Creating Easy and Effective Lesson Plans: A Quick Guide

Creating a lesson plan can be an overly time consuming experience for new teachers, but this handy guide will have you making effective templates for any target level in no time!

By 7 min read

I recently celebrated the 12-year anniversary of the day I arrived in Japan to take up my first teaching post as an eikaiwa (English conversation school) instructor in Chiba and eastern Tokyo.

It’s funny these days, to look back on that time and think just how much of my free time I wasted making lesson plans. In many cases, the time I spent planning the lesson was longer than the lesson itself and even then — I still felt they were lacking in some ways.

Thankfully, more than a decade later, I am now at the stage where I can throw a plan together in maybe 10 to 15 minutes plus some additional time to print off materials and gather other minimal supplies.

So if you’re a new teacher, you can become more efficient by creating quick and effective lesson plans using a template. Once you have a master template, then stick to it — and adapt it as necessary.

Some people worry that using a set template for your lessons can make them formulaic, predictable and bland. However, if you do it properly then this need not be the case. In actuality, getting to know a routine can be reassuring for students who are nervous about being in an unfamiliar atmosphere such as an English-only environment.

At the moment, I primarily teach elementary school, so here is a good five-part lesson plan for 45-minute classes with students at that level. (You can tweak it for the individual needs of your class.) Bear in mind that if you are teaching at junior high or high school, you will need to adjust this to 50 minutes.

1. Introduction and context setting (0-10 minutes)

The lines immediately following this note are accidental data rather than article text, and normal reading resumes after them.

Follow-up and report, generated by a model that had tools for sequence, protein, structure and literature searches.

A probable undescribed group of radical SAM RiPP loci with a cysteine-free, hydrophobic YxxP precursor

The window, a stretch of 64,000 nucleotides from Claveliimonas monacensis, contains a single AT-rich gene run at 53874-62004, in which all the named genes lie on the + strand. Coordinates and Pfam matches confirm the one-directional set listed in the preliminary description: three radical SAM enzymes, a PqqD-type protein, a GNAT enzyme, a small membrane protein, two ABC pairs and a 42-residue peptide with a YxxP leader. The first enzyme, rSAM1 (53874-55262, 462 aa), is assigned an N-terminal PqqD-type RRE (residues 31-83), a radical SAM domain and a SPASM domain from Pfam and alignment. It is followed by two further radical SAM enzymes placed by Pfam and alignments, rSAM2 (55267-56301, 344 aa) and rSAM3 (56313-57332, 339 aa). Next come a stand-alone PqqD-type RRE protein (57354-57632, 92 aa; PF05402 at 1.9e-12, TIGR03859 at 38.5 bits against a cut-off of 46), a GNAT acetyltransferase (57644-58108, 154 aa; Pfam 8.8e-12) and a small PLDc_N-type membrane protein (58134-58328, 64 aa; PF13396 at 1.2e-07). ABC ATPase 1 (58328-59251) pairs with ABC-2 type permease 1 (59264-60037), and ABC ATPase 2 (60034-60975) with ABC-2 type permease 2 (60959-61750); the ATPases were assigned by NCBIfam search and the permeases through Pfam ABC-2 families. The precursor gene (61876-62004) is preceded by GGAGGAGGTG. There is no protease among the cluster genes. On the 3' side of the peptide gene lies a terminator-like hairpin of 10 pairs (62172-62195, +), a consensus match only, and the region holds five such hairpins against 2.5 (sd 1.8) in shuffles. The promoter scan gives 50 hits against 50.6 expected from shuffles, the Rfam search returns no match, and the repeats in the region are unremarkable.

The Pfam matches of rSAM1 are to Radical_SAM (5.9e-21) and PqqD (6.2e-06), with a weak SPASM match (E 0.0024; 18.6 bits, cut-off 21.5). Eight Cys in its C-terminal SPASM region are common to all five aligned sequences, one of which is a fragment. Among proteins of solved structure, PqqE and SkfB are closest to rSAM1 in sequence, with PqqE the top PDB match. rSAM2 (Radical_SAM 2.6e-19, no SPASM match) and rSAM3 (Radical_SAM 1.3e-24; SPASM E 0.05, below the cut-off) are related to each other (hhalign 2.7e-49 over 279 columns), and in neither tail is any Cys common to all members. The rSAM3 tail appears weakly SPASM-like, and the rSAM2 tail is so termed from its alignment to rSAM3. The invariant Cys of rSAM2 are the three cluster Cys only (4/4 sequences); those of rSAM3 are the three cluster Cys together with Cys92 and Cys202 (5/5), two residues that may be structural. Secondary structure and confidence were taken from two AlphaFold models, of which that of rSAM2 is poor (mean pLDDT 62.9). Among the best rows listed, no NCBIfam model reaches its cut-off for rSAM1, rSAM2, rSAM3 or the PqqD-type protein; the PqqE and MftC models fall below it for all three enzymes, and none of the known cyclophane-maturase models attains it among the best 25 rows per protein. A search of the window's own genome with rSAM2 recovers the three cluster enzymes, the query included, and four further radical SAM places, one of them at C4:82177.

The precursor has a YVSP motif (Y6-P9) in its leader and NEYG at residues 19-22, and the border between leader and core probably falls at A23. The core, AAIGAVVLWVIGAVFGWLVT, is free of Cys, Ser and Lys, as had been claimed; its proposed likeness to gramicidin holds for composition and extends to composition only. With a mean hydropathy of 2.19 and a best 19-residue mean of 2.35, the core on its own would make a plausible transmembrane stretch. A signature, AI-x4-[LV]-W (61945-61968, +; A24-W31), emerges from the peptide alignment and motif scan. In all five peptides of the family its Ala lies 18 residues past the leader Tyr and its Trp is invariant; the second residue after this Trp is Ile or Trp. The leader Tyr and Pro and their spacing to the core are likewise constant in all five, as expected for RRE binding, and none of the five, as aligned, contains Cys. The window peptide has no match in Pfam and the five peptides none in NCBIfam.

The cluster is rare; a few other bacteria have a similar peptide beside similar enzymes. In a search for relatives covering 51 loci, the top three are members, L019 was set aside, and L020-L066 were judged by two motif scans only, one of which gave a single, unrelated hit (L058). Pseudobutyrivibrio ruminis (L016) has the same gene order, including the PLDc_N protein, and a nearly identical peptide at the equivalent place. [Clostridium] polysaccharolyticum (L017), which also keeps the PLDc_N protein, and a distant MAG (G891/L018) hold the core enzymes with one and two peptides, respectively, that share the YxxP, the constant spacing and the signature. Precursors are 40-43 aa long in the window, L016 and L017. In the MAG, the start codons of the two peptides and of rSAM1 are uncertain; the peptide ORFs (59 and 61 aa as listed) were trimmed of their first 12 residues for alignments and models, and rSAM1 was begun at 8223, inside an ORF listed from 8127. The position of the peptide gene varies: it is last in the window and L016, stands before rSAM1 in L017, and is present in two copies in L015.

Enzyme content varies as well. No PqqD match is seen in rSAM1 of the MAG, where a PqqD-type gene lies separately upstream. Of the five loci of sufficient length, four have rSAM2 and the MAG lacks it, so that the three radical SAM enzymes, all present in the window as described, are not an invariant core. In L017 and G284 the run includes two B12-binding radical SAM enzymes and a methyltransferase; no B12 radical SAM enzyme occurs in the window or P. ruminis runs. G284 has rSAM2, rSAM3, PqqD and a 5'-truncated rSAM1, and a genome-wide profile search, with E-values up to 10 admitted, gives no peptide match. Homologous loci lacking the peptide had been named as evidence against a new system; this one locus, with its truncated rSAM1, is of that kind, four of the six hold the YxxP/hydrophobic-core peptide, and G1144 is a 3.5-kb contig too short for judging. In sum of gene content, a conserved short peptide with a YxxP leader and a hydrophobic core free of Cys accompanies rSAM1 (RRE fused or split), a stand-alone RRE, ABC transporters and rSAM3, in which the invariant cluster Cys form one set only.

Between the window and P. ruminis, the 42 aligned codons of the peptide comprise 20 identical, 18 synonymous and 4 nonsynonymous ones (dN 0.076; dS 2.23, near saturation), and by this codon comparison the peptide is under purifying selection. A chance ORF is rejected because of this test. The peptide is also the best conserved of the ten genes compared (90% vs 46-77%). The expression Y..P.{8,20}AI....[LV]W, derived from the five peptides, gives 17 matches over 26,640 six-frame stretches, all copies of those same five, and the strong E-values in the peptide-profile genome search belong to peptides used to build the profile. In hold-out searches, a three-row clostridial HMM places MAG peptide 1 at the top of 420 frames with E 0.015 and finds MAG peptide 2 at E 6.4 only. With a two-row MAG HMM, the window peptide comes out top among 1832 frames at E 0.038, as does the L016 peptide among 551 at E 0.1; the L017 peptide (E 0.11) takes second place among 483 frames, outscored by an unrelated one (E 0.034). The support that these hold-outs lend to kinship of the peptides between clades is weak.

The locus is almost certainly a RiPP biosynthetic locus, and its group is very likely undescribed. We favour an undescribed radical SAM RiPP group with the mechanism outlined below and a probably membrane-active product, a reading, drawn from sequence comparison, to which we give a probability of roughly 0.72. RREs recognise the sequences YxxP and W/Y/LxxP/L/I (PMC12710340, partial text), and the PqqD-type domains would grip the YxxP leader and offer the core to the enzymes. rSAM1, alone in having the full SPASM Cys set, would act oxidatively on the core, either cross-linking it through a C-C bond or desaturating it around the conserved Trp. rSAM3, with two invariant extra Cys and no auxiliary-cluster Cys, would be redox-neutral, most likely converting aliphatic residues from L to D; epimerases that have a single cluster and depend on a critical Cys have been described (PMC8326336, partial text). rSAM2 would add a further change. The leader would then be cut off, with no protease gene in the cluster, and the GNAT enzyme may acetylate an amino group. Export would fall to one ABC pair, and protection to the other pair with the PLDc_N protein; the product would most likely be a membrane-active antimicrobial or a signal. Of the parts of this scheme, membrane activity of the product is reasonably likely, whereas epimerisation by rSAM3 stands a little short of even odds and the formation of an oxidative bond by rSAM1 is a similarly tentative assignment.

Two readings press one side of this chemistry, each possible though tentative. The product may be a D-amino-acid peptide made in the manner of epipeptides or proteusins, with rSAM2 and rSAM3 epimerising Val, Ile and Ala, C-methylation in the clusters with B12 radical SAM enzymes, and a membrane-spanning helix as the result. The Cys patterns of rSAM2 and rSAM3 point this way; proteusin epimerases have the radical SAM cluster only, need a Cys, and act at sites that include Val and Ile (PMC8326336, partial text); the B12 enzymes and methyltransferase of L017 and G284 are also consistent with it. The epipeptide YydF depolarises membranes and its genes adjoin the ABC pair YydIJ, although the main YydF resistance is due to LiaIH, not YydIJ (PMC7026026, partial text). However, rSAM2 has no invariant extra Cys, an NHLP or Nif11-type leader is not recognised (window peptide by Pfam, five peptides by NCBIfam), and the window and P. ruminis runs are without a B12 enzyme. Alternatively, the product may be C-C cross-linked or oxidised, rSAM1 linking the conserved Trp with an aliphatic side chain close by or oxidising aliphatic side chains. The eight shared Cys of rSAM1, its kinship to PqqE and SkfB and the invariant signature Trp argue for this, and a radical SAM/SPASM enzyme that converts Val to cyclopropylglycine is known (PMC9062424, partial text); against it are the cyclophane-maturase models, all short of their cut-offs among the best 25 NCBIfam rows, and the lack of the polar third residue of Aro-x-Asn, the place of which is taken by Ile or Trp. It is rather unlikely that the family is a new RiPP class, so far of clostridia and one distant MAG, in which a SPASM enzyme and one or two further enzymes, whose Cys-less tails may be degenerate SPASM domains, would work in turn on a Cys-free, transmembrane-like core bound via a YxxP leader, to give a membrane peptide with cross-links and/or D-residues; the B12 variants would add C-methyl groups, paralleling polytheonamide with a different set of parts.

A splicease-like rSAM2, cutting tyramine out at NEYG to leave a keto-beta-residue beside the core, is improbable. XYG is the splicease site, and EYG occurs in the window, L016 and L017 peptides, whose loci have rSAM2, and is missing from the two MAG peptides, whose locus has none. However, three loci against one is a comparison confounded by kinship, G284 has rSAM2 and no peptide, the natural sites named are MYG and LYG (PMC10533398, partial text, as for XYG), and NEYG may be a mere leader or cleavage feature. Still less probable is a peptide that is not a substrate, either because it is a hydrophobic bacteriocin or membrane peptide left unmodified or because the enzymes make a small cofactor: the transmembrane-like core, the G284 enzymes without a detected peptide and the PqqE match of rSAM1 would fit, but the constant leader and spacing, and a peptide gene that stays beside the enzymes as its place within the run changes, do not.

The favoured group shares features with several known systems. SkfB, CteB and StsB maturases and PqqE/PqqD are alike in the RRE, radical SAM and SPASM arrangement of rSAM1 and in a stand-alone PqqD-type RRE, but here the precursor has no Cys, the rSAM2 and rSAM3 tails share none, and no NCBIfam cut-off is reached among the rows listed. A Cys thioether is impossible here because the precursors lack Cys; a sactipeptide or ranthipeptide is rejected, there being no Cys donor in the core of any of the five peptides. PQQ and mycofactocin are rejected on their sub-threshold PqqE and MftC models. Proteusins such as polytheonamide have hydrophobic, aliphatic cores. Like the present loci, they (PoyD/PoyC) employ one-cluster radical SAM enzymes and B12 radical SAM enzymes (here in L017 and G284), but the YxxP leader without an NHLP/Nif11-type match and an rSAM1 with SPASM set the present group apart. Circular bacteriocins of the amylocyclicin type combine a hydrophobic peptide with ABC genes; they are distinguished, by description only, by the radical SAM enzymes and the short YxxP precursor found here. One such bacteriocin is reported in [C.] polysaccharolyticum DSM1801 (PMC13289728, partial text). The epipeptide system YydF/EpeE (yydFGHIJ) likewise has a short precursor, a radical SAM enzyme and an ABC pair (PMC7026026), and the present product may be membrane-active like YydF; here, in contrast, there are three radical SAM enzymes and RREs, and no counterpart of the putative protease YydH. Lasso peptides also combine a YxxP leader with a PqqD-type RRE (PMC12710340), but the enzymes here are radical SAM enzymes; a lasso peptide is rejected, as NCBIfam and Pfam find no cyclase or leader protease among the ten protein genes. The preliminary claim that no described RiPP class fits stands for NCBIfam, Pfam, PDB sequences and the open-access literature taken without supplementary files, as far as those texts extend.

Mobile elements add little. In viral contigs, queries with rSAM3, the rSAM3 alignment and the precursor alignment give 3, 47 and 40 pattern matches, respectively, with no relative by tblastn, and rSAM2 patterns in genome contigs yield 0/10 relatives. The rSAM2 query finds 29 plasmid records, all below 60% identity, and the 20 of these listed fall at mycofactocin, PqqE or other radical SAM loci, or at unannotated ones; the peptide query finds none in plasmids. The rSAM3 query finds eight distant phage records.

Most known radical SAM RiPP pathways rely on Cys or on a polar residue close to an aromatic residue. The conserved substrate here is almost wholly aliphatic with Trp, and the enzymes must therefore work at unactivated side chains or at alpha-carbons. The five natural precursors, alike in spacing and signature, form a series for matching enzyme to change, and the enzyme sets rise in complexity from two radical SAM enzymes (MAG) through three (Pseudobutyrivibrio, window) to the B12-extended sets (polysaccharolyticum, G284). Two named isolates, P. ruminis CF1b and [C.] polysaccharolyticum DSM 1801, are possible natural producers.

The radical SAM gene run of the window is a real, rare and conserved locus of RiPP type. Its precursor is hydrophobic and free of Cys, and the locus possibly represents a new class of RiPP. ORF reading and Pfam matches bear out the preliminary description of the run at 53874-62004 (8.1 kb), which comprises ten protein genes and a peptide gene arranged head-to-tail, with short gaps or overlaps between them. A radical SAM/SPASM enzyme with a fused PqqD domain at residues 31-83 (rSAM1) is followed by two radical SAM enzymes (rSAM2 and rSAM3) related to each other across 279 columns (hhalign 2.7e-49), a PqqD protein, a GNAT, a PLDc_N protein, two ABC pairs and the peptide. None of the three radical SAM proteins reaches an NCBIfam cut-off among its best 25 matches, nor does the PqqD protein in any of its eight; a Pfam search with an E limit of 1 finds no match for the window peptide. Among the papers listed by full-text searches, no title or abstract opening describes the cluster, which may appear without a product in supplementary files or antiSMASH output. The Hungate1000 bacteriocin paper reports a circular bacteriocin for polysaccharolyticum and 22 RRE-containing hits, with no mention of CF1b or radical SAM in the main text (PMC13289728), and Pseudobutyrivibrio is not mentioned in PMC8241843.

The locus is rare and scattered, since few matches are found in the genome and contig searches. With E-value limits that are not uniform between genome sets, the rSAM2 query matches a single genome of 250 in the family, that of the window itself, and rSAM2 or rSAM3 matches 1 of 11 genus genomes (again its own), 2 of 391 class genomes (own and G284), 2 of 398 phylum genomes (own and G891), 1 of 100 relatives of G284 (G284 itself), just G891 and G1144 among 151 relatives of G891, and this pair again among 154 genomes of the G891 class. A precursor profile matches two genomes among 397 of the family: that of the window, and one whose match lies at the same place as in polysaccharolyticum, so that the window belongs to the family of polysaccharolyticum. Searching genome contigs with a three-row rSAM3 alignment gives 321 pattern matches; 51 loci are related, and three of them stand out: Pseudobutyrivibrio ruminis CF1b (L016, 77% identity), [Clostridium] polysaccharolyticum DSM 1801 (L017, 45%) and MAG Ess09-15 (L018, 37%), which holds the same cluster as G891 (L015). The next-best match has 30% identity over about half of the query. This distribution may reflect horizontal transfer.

In these first 10 minutes, you ease students into English speaking mode, with a short game activity. This can be a quiz, a drawing game or some kind of simple vocabulary practice.

If you are team teaching, then you can also use a dialogue with your Japanese teacher of English (JTE) to set the tone for the lesson.

The dialogue should introduce the target language structure for the lesson and most importantly, establish a logical context for it to be used in everyday conversation. In other words, show the students how the English they are going to learn today can be used in the real world. If students can understand why something is useful, they are more likely to remember it.

Here’s a quick example example.

How are you?

  • JTE: Hi Liam. How are you?
  • Me: (Rubbing my eyes and generally looking lethargic) I’m sleepy. How are you sensei (teacher)?
  • JTE: (Throwing their hands in the air and smiling) I’m great!

At this point, turn to the students and ask them: “OK. What are we talking about?”

Provided your gestures were clear enough, students should be able to put it together. If it wasn’t understood, do the skit two to three times if necessary until the students get it.

Your Japanese colleague will ask them to explain it in Japanese to confirm that they understand.

2. Introduce and drill vocabulary (10-20 minutes)

With the context of the lesson established (“feelings”) and the students aware of the intended goal, you can now set about helping the students reach that goal. The first step is equipping them with the vocabulary they need to start forming sentences in the target language.

… you can become more efficient by creating quick and effective lesson plans using a template.

In the case of this example, we will introduce and drill the “feelings” vocabulary — for example “I’m happy,” “I’m sad,” “I’m hungry,” “I’m sleepy” and so on.

I generally find that eight to 10 new words per lesson is a manageable amount for the students to absorb. Be careful not to bombard them with too many new terms as this will confuse them and make it harder to retain their attention.